• Using Revit On-Premises and In Cloud (Hybrid Setup) 

This article will answer the question “Can you run Revit in the Cloud” and discuss why it’s a good and a bad idea to do so. This article will also introduce the hybrid setup that most big firms are using today.  

In addition, we've also asked for the insights of Kyle Kohler, a Technical Sales Engineer at ITS San Francisco, for a better discussion of the topic. 

Before we get into the big questions, let's first look at how Revit and cloud services work. 

Understanding Revit

multiple building plans and a 3D building model

Revit is a Building Information Modeling (BIM) software for Microsoft Windows. It allows architects and building professionals to design and document a building by creating parametric three-dimensional models, including geometry and non-geometric design and construction information.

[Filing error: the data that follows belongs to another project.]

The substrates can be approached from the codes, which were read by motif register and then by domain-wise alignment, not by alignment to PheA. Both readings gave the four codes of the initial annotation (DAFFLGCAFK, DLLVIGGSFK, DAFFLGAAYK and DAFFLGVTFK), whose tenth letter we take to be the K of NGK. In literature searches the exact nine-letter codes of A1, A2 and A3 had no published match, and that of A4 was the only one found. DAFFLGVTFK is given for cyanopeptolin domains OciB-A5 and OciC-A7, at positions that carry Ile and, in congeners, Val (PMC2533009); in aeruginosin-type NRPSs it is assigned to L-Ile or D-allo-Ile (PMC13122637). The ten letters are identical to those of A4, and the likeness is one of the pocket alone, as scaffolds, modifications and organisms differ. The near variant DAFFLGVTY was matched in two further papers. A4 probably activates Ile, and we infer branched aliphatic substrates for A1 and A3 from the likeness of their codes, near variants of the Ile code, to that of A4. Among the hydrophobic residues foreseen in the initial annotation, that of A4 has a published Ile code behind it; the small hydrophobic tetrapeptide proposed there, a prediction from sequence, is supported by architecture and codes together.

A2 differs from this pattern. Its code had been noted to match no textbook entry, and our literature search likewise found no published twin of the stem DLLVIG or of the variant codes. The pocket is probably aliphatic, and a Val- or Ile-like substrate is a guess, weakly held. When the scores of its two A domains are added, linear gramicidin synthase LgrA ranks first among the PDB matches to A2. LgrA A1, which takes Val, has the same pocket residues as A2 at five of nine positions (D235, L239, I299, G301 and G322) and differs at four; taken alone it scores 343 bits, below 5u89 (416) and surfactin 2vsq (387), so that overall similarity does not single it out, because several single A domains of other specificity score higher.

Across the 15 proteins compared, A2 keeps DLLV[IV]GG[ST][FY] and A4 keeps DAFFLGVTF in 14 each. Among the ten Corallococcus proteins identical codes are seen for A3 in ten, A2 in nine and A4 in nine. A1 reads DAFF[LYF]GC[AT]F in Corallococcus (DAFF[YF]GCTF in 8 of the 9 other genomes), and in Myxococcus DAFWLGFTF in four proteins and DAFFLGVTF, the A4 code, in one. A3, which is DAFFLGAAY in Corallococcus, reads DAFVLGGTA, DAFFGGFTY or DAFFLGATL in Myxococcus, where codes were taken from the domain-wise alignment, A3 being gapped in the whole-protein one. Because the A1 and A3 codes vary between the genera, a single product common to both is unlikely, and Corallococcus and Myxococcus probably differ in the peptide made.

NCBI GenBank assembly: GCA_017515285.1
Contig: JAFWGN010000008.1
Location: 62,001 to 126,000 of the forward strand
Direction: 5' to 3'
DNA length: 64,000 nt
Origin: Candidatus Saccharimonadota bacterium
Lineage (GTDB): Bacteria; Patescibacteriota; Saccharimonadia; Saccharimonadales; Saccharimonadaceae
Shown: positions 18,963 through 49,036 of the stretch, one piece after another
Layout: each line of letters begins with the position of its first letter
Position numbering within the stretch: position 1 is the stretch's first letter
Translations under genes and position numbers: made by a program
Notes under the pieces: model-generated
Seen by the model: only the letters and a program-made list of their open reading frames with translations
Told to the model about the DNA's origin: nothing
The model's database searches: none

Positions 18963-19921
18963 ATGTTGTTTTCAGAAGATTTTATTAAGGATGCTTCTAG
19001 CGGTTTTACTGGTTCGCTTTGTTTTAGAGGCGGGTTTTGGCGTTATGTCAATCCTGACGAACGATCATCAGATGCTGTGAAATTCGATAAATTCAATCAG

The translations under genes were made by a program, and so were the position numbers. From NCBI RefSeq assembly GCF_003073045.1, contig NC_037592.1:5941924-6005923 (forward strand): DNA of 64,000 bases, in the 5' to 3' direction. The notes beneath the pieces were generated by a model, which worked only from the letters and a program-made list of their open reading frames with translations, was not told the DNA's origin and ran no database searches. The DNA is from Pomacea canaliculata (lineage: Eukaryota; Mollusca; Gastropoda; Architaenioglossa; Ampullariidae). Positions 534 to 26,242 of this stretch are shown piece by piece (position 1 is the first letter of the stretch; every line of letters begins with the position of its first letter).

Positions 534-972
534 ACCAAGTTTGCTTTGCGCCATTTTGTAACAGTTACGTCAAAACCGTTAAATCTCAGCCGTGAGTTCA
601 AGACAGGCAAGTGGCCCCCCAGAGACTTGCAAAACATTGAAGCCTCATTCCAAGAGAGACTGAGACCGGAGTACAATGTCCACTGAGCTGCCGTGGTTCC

At its core is a context-driven parametric change propagation engine that relies on new technology. It renders a 3D modeling environment and provides resources to generate all traditional 2D documentation, such as plans, sections, views, elevations, etc. 

It's like Photoshop's bigger and more capable brother. However, instead of rendering flat images, it creates 3D models of industrial structures. What's great about this software is that it's capable of forming even the tiniest detail of your project. 

One thing to note is that Revit, and your projects, take up a considerable portion of your storage. And the more details you add to your project, the bigger its size will be, which is a significant factor in cloud computing.